How novelist Marian Keyes overcame depression

After her mental health battle, the writer is back with a new novel.

She’s known for writing books that are warm and funny, and that always come with a happy ending. But now bestselling writer Marian Keyes has revealed she was so depressed several years ago that she battled suicidal urges up to 40 times a day.

The Rachel’s Holiday author has previously admitted that her mental illness became so overwhelming that she needed treatment in a psychiatric hospital. Now she’s opened up about just how serious it was.

“The suicidal impulses started and it was very hard to physically stop myself from going through with it,” Marian said when she featured on BBC radio show Desert Island Discs.“For months and months, every day was an enormous effort not to do the acts of wounding myself.”

During the 18 months when she was desperately ill, she wrote her novel The Mystery of Mercy Close and later explained how a scene in which her heroine plans to kill herself in a hotel room was inspired by her own experience.

“I was going through who would find me, leaving money for her to apologise… I wasn’t in my right mind.”

Marian (53) has described her illness as “catastrophic”, saying she felt frightened all the time.

“Every single day was a waking nightmare. The biggest feeling was extreme fear.”

She tried everything to fight depression, such as cognitive behavioural therapy, “vitamins up the wazoo!” and even going to mass with her mother.

“I abhor Catholicism but I was that desperate.”

Eventually, it was writing her next book, The Mystery of Mercy Close, discovering a new passion (baking) and the passing of time that led to her recovery.

“It’s an illness and it ran its course,” she says.

Several years on, she sounds bubbly and bright again, but won’t describe herself as 100 per cent free of depression.

“The fear isn’t too bad now,” she says. “I feel normal so much of the time and I feel that when the fear does happen, I can be compassionate with myself about it.”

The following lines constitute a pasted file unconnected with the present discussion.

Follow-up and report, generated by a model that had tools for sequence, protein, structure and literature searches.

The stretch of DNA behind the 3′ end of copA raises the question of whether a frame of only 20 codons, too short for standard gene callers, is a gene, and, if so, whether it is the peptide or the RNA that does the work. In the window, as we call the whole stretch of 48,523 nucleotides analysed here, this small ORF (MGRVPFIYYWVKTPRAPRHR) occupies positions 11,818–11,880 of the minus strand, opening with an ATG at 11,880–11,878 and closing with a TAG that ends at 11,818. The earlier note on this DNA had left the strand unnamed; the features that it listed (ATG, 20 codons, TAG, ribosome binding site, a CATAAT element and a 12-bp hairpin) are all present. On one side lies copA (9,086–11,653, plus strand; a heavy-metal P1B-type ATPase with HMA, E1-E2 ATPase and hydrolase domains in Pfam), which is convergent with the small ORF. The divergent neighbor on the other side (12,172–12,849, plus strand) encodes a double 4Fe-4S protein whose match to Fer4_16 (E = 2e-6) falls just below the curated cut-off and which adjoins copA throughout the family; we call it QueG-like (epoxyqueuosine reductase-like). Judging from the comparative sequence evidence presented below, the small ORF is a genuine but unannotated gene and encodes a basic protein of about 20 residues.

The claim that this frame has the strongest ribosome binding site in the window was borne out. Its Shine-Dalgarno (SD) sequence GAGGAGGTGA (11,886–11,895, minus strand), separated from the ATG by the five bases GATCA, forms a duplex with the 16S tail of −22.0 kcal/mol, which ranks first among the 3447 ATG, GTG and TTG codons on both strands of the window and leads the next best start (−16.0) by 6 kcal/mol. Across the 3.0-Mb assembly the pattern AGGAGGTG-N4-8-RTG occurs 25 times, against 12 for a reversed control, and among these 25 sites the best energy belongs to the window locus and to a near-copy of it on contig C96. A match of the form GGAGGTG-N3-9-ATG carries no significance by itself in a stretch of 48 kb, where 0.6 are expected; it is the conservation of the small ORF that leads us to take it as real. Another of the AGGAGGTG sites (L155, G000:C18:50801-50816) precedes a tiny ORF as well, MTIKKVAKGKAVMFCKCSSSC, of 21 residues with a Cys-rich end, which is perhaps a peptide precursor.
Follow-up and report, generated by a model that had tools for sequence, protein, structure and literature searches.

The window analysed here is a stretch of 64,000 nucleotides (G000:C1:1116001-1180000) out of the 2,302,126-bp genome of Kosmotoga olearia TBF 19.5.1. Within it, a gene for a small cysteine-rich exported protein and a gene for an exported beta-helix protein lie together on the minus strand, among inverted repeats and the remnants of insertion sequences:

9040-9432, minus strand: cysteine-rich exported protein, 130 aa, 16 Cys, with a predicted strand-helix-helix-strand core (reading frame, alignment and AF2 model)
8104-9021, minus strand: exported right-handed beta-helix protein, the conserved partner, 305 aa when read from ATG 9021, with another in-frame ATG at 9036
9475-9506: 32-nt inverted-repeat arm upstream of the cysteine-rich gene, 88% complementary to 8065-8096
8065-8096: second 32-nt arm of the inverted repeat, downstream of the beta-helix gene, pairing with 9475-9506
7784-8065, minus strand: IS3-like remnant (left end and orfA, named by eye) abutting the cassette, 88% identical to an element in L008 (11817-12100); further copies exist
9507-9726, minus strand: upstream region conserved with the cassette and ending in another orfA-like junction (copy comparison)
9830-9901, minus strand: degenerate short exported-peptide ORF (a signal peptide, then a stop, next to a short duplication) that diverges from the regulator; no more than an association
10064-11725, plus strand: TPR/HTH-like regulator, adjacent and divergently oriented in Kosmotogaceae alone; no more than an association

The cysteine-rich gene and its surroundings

Marian doesn’t subscribe to the concept that it is possible to carry on with life again as if nothing has happened.

“You don’t get over everything. You can’t polish off these things when they’re over and put them away and say, ‘That’s grand now; let’s get back to our perfect life'.

“With every one of us, we walk forward carrying our wounds. But I’m okay.”

The Irish author says she has always been prone to bouts of depression and in her twenties, while working in an accounts office, turned to alcohol to deal with her mental health issues.

After eventually facing up to the fact she was an alcoholic, she went into rehab and when she came out, decided to send some short stories she’d written as a hobby to a publisher.

She lied that she’d started work on a novel and when they asked to see it, she had to step up to the challenge and actually write one. The first book, Watermelon, was a big success and she’s now written 12 books that have sold 35 million copies worldwide. Book number 13, The Break, will be published later this year.

She’s regarded as one of the bestselling chick lit authors in the world but doesn’t like the label. Her books may be laugh-out-loud funny in parts, but they’re by no means frothy. They have tackled very serious subjects such as drug addiction, bereavement, domestic violence and mental illness.

Writing has been the “rope across the abyss” for Marian in the past and it, along with the understanding she has gained of how to deal with depression, will hopefully help her to cope should it ever strike again.

She says she has “learnt to feel the feelings and not be horrified by them... To not think, ‘Oh, my God, what can I do to make this stop?’ To just know that I might wake up in the morning anxious or full of dread and instead of trying to outrun it, try to almost welcome it”.

Marian adds that there are ways, “to be happy and live alongside our wounds rather than look for cures. To accept the stone in our shoe or the hole in our soul.

“I’m not going to say I’m better, because I don’t think anyone goes through anything traumatic and becomes better. You become different.

“I’ll never be that starry-eyed, innocent, rushing-around-thrilled-with-everything person again. I’m far more wounded now, but I’m grateful. Grateful to be on the planet.”

Where to get help
Depression Helpline: 0800 111 757
Healthline: 0800 611 116
Lifeline: 0800 543 354
Samaritans: 0800 726 666
Suicide Crisis Helpline: 0508 828 865 (0508 TAUTOKO)
Youthline: 0800 376 633 (You can also text 234 for free between 8am and midnight, or email talk@youthline.co.nz)

All lines are open 24/7.
For further information, contact the Mental Health Foundation’s free Resource and Information Service on (09) 623 4812.

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